Please ensure Javascript is enabled for purposes ofwebsite accessibility50 years after the Clean Water Act, toxic substances are still dumped in US waterways | WZTV
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50 years after the Clean Water Act, toxic substances are still dumped in US waterways

The Neches River is among the most polluted waterways in the US (Photo: Alex Brauer){p}{/p}
The Neches River is among the most polluted waterways in the US (Photo: Alex Brauer)

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There’s alarming new information about pollution in our nation's water systems. You might be shocked to hear that hundreds of millions of pounds of toxic substances have leaked into our nation’s waterways in just one year. The contamination includes chemicals that can cause cancer and birth defects.

The Clean Water Act was supposed to protect against this type of pollution decades ago. So why didn't it happen?

Now, armed with new information about the toxic threat to our health, experts say more needs to be done to hold polluters accountable.

Industry looms large over the city of Port Arthur, Texas, which has long been the home to some of the nation's biggest chemical and oil refining facilities.

Activist John Beard took us on a tour of the energy corridor in Port Arthur, a place he now calls the "belly of the beast." Beard worked in the petroleum industry for nearly 40 years. Now, he's one of its biggest critics.

Beard believes the chemical and energy plants lining the waterfront of the Neches River are leaking toxic substances into the water and soil that this community was built on. It's turned the river basin into one of the most polluted waterways in the country, potentially endangering the lives of tens of thousands of people.

I've had people tell me about times that the water looked like it had a foam on it, like a head of beer. And then I've had water, my own water that came out looking cloudy," John Beard told Spotlight on America.

According to a recent report that examined pollution in the nation's waterways, there were nearly 6,700 pounds of cancer-causing chemicals released into the lower Neches watershed in 2020 alone.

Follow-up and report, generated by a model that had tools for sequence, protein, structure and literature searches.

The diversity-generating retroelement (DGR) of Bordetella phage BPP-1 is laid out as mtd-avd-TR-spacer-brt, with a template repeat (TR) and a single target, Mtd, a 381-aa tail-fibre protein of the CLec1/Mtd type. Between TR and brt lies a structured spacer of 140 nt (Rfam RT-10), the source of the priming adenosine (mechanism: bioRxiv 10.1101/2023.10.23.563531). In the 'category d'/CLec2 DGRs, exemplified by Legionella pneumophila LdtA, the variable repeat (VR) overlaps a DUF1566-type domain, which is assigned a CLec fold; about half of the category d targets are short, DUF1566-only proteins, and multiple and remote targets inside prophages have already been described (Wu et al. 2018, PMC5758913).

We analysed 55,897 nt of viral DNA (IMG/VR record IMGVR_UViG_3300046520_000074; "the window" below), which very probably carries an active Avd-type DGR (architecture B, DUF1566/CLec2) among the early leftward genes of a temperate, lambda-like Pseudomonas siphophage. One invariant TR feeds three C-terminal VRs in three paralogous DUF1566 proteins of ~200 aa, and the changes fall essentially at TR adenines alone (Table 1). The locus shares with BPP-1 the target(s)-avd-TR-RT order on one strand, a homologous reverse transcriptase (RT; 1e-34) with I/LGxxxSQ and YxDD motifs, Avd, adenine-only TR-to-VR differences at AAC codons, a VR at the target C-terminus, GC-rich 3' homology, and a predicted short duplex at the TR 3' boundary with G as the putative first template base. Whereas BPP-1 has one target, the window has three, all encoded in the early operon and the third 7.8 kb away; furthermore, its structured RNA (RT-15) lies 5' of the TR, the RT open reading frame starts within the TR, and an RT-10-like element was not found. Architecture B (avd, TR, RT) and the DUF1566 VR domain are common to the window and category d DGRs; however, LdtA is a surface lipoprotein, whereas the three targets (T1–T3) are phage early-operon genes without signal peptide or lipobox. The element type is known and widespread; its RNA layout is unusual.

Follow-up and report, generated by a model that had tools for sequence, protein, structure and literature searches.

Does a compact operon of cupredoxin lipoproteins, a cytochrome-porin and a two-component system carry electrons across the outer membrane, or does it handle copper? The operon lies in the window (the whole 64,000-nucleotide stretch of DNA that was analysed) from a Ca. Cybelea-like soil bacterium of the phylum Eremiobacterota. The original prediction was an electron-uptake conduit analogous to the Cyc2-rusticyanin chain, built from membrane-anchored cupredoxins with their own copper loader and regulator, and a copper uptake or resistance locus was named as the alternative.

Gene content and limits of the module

But the problem of toxic dumping spills far beyond Texas, and experts like John Rumpler say most Americans don't even know what's going on.

John Rumpler is a senior attorney for the Environment America Research and Policy Center and authored a new report called Wasting Our Waterways: Toxic pollution and the unfulfilled promise of the Clean Water Act, written in conjunction with the PIRG Education Fund and the Frontier Group. It revealed stunning facts about what's really in American rivers and streams.

Rumpler and his co-authors tracked self-reported data sent to the EPA by factories and facilities across the US, finding that 193.6 million pounds of toxic chemicals were released into our rivers and waterways in 2020 alone.

Some of those chemicals are linked to cancer, birth defects, and developmental hazards for children," Rumpler said. "These are really serious health threats for many of these chemicals.

According to the report, facilities released toxic substances into 844 local watersheds nationwide. That's about one in every three local watersheds in the U.S.

His research put Texas at the top of the list for the most toxic substances released, followed by Indiana, Virginia, Louisiana and Alabama.

Among the worst offenders are an army ammunition plant, metal mining facilities and electric utility companies.

Rumpler added that meat and poultry processing plants are also among the biggest dischargers of the pollution, particularly hazardous substances known as nitrates, and the pollution standards for those plants hasn't been updated since 2004, essentially allowing for those industries to poison waterways.

The report breaks down the major health impacts of the pollution.

  • Just over 1 million pounds of toxic chemicals linked to cancer were released, mostly in South Carolina, Texas and Alabama, and mostly came from paper and pulp mills.